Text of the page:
New satellite images from Amnesty International help quantify the “devastation of catastrophic proportions” that occurred when Boko Haram militants killed more than 2,000 people in the towns of Baga and Doron Baga just under a week ago.
“Of all Boko Haram assaults analysed by Amnesty International, this is the largest and most destructive yet,” Daniel Eyre, Nigeria researcher for Amnesty International, said in a statement Thursday. “It represents a deliberate attack on civilians whose homes, clinics and schools are now burnt-out ruins.”
The attack is thought to be the group’s deadliest ever, with reported death tolls above 2,000 people. Though this number has been questioned by many, including the Nigerian government, which previously put the death toll at just 150 people, the images help provide more accurate evidence as to what actually happened in Baga.
“While survivor accounts may be confused or conflated, I find the higher numbers reported by local officials more credible, especially now that we have the satellite imagery,” said Peter Pham, director of the Africa Center at the Atlantic Council.
While it’s difficult to know the number of people killed, the satellite images taken a week apart show that more than 3,700 structures were damaged or destroyed by Boko Haram.
“They killed so many people. I saw maybe around 100 killed at that time in Baga,” one witness told Amnesty. “I ran to the bush. As we were running, they were shooting and killing.” Others say the group members were shooting “indiscriminately,” and even killed a woman who was in labor.
This incident has also become the center of a debate about international attention, as media outlets and global activists focused on Paris, where masked gunmen killed 17 people during three days of chaos that started at the headquarters of satirical magazine Charlie Hebdo.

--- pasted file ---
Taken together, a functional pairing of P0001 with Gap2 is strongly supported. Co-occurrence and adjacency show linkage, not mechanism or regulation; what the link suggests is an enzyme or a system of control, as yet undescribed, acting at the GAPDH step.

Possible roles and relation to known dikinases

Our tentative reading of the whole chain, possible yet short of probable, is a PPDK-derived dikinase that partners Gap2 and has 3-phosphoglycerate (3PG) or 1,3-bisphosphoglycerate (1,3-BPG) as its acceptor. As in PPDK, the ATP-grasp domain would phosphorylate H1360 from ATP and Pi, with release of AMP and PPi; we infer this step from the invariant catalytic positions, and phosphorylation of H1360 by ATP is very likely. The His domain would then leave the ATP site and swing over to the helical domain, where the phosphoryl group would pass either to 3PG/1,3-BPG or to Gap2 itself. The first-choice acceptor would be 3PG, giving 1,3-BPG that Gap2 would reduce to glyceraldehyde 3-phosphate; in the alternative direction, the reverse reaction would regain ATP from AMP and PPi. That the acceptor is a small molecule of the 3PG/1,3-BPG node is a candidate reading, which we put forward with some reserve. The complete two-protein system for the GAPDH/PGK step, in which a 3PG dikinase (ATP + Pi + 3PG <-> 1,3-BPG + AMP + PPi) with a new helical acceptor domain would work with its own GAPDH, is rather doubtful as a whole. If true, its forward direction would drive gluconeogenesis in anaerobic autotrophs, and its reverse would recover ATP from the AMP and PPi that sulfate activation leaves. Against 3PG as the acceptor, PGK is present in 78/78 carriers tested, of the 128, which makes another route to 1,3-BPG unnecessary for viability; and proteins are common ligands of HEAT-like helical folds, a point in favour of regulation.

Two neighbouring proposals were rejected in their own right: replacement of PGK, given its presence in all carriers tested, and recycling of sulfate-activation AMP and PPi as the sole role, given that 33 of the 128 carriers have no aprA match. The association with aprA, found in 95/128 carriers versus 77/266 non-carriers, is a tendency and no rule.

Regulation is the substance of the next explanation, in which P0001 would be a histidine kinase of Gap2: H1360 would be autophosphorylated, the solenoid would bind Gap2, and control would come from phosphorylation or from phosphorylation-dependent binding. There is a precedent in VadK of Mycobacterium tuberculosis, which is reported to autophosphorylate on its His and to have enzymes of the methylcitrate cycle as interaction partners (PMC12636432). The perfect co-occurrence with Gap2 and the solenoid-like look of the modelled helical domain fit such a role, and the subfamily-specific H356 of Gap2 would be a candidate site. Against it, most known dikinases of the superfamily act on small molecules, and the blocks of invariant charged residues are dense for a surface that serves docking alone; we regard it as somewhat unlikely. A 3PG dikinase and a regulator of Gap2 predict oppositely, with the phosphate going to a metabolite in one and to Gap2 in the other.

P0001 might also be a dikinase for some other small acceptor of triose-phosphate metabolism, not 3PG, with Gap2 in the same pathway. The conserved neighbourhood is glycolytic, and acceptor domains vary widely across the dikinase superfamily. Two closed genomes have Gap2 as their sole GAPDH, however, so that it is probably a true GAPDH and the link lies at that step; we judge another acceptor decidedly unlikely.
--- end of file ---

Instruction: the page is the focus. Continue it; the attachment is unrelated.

Just days after the incident, Boko Haram’s leader, Abubakar Shekau, released a video expressing support for the terrorists who carried out the attacks in France.
The militant Islamist group, whose name translates roughly to “Western education is forbidden,” has been carrying out increasingly violent attacks in northern Nigeria since 2009, but has been in the spotlight over the past year after members kidnapped more than 200 girls from the town of Chibok. Despite a trending hashtag and pledges of support from the international community, the girls have yet to be found.
In addition to these large-scale kidnappings, the group has also been carrying out more violent attacks. The group has reportedly strapped explosives to young girls to carry out attacks in other towns around northern Nigeria.
The violence is only likely to get worse as Nigeria prepares to vote for a new president on Feb. 14. While elections are always a tense time for the country, analysts fear that this year could be worse than usual, as Boko Haram takes advantage of instability. “We do believe the election is a factor,” the U.S. State Department said on Tuesday, noting the “sharp escalation” in reported casualties.